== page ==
This was my 8th year running the Yuengling Shamrock Half Marathon. Many long term readers know but I grew up in the greater VA Beach area. The Yuengling Shamrock Marathon Weekend is always a lot of fun.
There are several events from the “Operation Smile Shamrock Final Mile”, to the Townebank Shamrock 8k, leprechaun dash, and of course the Yuengling Shamrock Half and Full Marathon. Usually an elite comes out and it’s been Kara Goucher, Meb Keflezighi, and Shalane Flanagan, to name a few. There is something for everyone. My time at the 2019 Yuengling Shamrock Half Marathon: 1:29.52 is neither my fastest nor my slowest. It’s on the slower side, but that’s okay.
Last year I had an incredible experience that would be hard to beat and ran a 1:23. This year the goal was just to finish healthy. My training over the winter was nothing to write home about, and I’ve come to terms that this Spring might be a rebuilding season for me (something I personally seem to need after every marathon?).
Anyway, I arrived at the start around 6 am. The weather was ideal. It was low 40s, some wind but not much. Most importantly, it wasn’t raining. Two years ago,it poured rain and was low 30s.
Before the race, I met up with my good friend Jen. We haven’t seen each other since we both lived in NYS. We’ve both since moved, but it was nice to catch up. She ultimately ran a 1:18 and placed 3rd.
After that, I tooled around and got to the start about 5 minutes early. I talked with rabbit teammate, Nick, and by the time I knew it, we were off.
Since the Yuengling Shamrock half and full start together now, it was crowded. Right off the bat, I felt decent. Plus unlike the day prior, I remembered to start my watch. Since the marathoners and half marathoners are running together, it’s a bit more crowded. I plugged along and cruised the first mile in 6:44. I was near a lot of males wanting to use the race to qualify for the Boston Marathon (and run between 3-3:05).
I felt good and realized a sub 90 minute half was doable if I continued to feel okay through the race — a great goal to make a mile 1.
At mile 2, I saw my dad’s friend and waved. I started getting into a rhythm. The next three miles were relatively boring. The Shamrock half is a scenic course but there are always a few boring miles. I logged 6:44, 6:44, 6:40 (mile 4 on the gradual uphill was my fastest), 6:44. At mile 5, I was feeling good. I thought wow, this is much faster than I anticipated (I didn’t have a goal prerace, but didn’t anticipate being that fast either).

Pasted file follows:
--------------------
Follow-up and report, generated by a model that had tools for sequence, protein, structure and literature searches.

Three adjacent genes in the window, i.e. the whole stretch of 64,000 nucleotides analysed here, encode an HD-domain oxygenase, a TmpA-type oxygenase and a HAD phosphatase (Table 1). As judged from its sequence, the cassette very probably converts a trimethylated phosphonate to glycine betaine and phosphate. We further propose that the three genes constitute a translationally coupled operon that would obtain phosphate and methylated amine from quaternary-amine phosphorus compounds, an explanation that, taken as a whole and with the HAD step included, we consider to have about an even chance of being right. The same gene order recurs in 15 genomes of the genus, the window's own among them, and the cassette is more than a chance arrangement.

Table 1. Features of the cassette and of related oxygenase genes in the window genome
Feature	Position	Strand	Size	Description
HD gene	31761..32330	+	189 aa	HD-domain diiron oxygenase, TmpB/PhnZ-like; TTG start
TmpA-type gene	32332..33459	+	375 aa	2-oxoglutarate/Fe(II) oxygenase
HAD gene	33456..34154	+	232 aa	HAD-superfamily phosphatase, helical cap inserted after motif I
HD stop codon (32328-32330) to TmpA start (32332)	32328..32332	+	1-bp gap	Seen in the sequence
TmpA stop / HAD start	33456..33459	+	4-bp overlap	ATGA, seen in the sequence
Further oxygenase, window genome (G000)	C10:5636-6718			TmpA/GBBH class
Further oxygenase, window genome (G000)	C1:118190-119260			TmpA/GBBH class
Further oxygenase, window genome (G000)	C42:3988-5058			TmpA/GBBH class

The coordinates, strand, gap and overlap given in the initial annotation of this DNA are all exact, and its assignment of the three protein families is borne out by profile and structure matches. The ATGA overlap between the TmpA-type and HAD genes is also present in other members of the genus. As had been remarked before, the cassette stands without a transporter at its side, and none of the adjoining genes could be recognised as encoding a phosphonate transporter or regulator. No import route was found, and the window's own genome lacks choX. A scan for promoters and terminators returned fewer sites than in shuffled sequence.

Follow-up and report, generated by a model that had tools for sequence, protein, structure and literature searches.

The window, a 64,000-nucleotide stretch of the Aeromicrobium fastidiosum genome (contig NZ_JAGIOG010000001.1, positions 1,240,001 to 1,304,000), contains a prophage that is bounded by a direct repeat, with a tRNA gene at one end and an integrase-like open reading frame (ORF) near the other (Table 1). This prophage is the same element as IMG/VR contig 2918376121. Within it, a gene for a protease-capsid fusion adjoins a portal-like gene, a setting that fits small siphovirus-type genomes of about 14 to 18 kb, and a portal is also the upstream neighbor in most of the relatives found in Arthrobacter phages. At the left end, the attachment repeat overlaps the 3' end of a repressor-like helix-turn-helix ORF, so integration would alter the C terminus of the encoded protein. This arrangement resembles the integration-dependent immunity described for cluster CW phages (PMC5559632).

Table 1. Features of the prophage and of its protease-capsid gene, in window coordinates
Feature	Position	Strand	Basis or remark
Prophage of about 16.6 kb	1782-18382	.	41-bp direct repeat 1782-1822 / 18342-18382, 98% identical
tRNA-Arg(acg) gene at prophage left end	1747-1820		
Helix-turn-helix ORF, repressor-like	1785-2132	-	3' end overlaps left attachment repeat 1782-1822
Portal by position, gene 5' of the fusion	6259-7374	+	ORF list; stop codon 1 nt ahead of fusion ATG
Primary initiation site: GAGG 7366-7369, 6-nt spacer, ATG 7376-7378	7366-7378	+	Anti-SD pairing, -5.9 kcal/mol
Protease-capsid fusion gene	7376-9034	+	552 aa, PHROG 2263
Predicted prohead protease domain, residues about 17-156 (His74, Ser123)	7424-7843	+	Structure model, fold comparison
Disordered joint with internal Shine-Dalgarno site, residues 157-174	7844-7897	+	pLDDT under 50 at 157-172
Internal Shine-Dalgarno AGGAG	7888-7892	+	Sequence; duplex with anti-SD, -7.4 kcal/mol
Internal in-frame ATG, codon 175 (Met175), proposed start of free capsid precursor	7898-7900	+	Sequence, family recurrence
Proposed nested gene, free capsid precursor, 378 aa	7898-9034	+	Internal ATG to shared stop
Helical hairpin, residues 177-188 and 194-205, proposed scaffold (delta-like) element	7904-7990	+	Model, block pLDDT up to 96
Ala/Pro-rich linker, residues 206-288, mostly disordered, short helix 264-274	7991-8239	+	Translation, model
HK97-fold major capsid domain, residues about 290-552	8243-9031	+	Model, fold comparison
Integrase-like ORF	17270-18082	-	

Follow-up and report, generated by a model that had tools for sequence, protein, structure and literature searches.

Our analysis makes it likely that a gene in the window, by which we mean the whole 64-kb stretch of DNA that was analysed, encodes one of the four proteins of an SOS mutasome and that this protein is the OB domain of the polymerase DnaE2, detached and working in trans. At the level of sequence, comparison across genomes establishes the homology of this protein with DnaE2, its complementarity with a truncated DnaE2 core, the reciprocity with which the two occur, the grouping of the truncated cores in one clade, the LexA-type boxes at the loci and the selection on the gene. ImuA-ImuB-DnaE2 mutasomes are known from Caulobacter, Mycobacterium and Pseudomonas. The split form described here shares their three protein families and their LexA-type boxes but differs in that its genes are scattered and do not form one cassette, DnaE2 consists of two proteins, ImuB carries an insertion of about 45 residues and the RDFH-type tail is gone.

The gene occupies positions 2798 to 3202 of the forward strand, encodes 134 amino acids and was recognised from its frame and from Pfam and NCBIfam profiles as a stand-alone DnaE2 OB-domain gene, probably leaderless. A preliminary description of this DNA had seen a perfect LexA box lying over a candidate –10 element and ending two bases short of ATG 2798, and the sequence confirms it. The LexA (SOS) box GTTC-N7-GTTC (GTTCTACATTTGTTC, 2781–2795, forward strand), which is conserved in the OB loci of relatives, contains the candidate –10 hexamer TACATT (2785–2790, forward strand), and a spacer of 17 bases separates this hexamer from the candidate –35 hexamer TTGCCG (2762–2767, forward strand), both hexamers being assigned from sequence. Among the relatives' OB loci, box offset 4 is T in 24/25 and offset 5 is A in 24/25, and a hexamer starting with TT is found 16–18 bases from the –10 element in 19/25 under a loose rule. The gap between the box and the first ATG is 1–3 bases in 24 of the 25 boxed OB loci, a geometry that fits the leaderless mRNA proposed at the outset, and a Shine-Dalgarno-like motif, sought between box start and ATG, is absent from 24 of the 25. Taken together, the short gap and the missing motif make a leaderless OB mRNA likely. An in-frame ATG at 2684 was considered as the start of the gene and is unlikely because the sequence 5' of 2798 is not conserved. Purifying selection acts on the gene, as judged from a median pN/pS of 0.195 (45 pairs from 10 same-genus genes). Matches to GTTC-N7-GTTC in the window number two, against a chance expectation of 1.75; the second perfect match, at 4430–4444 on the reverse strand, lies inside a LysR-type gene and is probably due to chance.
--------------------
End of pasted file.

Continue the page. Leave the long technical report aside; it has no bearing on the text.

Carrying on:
Then we entered Fort Story, and it all changed. Fort Story is a lonely part of the race. Unless you have a military ID, spectators can’t get on the base. It’s right along the water so extremely windy. In fact, one year there was a layer of sand across the entire course.
Miles 7-9 broke me both mentally and physically. I didn’t feel good, and I was running alone. There was some wind but nothing terrible. It wasn’t that I didn’t feel good because I had raced the day before, I just mentally felt disconnected and my legs felt stale. I told myself, make it to mile 10, and you’ll be heading directly home. I ran a 6:55, 6:59, 6:50, and kept it barely under 7 minutes.
I knew the 90-minute pace group was probably catching me soon. Around mile 10, a man started talking to me about “my form”. I wasn’t feeling the greatest and not in the mood to chat. We kept plugging along.
Mile 11 went down with nothing major. I ran a 6:55 and we had some wind at our backs. At mile 12, the 90-minute/3 hour marathon pace group engulfed me. I thought, wow I really did slow down. I also felt my shoe beginning to come untied, and it just felt like the wheels had come off.
The group engulfed and went around me and it stung. I hit mile 12 just over 1:22 and I knew I was still at 1:30 pace. Now I was just much closer than the start of the race. It made me feel a little better the group was ahead of their goal pace.
The last mile goes to directly into the wind. When you’re close to a time goal, running into the wind the last mile is the last thing you want to do. You can see the tent and King Neptune and it just never feels like it’s getting closer.
Then at mile 13, I saw it click 1:29:10. I needed the luck of the Irish for a sub 90 minutes.
I tried to sprint as hard as I could to the finish. I didn’t have much gas left but it was enough and I crossed the finish line under 1:30. After that I headed to the post-race party and finish line celebration on the Virginia Beach oceanfront. The race gets you four free Yuengling beer tickets and have Murphy’s Irish Stew (which is always delicious). I waited and cheered for some of the 2019 Yuengling Shamrock Marathon runners.
I’m pleased with the race but know I have a long way to go fitness wise. In all, another good Shamrock Half Marathon. It’s one of my favorite races of the year and I always enjoy seeing local friends as well as others that come from far.
Questions for you:
Have you run a race for several years in a row?
What is your favorite race?